Such initial ambiguities notwithstanding, there can be no doubt that Constantine saw his victorious sign as being an explicitly Christian symbol nor that, in the wake of the writings of Eusebius and Lactantius, its religious meaning came rapidly to be universally recognised. Constantine made only sparing use of the Chi-Rho on his coins, confining its use to a few scarce issues only. Following his death however, this most powerful symbol came to be used increasingly frequently, both as a means of celebrating the religious convictions of the succeeding emperors, and as a means of affirming the legitimacy of their succession from Constantine.
(Fig. 3) Eudoxia; gold solidus; AD 397-402
Although also adopted by Constantine’s sons, the most prominent early use of the Chi-Rho occurred during the reign of the usurper Magnentius (AD 350-53), who struck large bronze double centenionales decorated with a large Christogram flanked by the Greek letters alpha and omega. Thereafter the symbol appeared time after time on the coinages of both the western and eastern empires, its position as the primary symbol of the new state religion only gradually being superseded by the plain, unadorned Cross.
As the image of the emperor most commonly seen by the public, the portrait of the emperor reproduced on the imperial coinage was considered to be of the utmost importance. Constantine’s coinage portraits break away from the traditions of the previous two centuries, calling upon both earlier Imperial and Greek precedents for inspiration. The Imperial beard, which had been sported by almost all emperors since the beginning of the second century, was abandoned and replaced by a clean shaven image. Likewise, the laurel wreath or solar crown which had dominated the coinages of the second and third centuries were dropped in favour of an eastern diadem, or, less frequently, a military helmet.
(Fig. 4) Constantine the Great; gold solidus; AD 326
One particular version of the new imperial image has attracted particular attention. Eusebius (4.15) was quite explicit in his statement that Constantine was portrayed on his coinage in an attitude of prayer: ‘He directed his likeness to be stamped on a gold coin with his eyes uplifted in the posture of prayer to God … this coin was current through the Roman world and was a sign of the power of divine faith.’ Burnett recognises this passage as important evidence implying ‘that important members of the higher social classes noticed coin designs’, adding that ‘There can hardly be any doubt that Eusebius had seen the coins in question’.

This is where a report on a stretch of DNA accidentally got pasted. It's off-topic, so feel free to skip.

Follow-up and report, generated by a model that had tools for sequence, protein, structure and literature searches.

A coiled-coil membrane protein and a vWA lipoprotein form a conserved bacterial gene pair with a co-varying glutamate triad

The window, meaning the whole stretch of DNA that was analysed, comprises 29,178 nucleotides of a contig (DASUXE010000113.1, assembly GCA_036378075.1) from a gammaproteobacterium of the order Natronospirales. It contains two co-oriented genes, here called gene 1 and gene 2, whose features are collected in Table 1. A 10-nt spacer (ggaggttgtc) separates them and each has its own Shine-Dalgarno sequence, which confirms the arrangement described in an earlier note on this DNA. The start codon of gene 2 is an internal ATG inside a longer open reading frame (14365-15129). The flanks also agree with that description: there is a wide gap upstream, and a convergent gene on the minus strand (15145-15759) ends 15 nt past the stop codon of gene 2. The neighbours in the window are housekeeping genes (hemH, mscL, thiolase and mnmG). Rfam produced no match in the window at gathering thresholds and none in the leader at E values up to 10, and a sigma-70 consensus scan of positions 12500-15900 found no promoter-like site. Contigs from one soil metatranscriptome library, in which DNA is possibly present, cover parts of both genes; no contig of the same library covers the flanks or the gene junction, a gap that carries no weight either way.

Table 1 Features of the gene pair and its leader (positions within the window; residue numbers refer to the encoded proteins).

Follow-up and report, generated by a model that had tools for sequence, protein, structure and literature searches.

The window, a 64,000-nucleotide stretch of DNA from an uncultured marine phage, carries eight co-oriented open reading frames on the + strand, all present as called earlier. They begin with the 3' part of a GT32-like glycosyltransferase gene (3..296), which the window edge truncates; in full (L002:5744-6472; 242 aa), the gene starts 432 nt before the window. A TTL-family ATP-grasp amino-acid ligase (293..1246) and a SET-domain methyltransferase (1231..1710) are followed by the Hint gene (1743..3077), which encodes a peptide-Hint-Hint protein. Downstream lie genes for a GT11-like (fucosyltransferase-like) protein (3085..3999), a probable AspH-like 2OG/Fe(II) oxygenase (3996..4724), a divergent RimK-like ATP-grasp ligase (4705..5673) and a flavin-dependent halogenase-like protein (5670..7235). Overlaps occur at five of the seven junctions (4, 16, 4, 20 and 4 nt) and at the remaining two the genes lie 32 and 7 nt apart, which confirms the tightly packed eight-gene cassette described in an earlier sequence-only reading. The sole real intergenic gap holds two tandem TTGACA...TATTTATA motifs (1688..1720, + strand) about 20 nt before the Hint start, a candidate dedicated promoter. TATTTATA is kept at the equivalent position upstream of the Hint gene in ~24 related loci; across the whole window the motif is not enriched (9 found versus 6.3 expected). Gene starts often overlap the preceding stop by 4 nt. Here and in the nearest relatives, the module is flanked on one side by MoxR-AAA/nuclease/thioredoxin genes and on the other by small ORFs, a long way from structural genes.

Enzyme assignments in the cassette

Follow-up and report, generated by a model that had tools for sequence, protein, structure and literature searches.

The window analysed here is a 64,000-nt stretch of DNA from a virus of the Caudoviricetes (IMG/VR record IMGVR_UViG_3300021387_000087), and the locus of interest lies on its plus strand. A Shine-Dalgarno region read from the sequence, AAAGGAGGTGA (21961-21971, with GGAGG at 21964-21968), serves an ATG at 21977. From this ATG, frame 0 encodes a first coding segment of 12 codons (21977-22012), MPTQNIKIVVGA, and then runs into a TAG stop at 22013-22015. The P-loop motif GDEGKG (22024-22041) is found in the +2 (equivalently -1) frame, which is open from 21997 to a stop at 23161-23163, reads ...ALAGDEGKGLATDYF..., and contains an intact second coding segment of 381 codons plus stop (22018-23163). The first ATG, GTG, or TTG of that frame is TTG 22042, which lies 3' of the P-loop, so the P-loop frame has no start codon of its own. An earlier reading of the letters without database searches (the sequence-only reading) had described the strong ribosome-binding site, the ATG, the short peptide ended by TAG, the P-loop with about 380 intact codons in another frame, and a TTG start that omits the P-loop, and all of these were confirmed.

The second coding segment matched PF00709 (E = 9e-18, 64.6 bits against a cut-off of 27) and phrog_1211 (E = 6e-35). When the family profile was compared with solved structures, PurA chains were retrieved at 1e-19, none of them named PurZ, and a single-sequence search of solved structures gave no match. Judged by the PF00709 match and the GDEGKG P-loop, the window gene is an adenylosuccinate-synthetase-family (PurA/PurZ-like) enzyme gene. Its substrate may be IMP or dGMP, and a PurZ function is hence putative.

(Fig. 5) Constantine the Great; gold solidus; AD 326-27
Not all authors have accepted these coins as representing the emperor’s devotion to the Christian faith and, as L’Orange has pointed out (1947, p.34), the ‘heaven-gazing’ coin portraits of Constantine have been the subject of numerous interpretations, including an argument that it should be interpreted as a representation of the Sol-emperor Constantine fixing his gaze upon the goddess Luna. L’Orange (1947, p.94) would consequently argue that, ‘Constantine as Christian orant is, therefore, an arbitrary interpretation of his heavenward-looking portrait. This does not however alter the fact that the type became for Christians, perhaps owing to the very weight of Eusebius’ authority, an expression of Constantine’s inspired relation to their own God, a representation of the Christ-emperor.’
This argument has in part been fuelled by the undoubted fact that the so-called Constantinus orans portrait type is ultimately derived from pagan prototypes first seen during the reign of the Hellenic monarch Alexander the Great (Toynbee, p. 148). Bruun (p. 33), who does not accept that the coin type bears any specific Christian significance, nevertheless concedes that the heavenward-gazing portraits of Constantine recall ‘portraits of the Hellenistic ruler, whose heavenward look expresses the inner contact between the emperor and the heavenly powers.’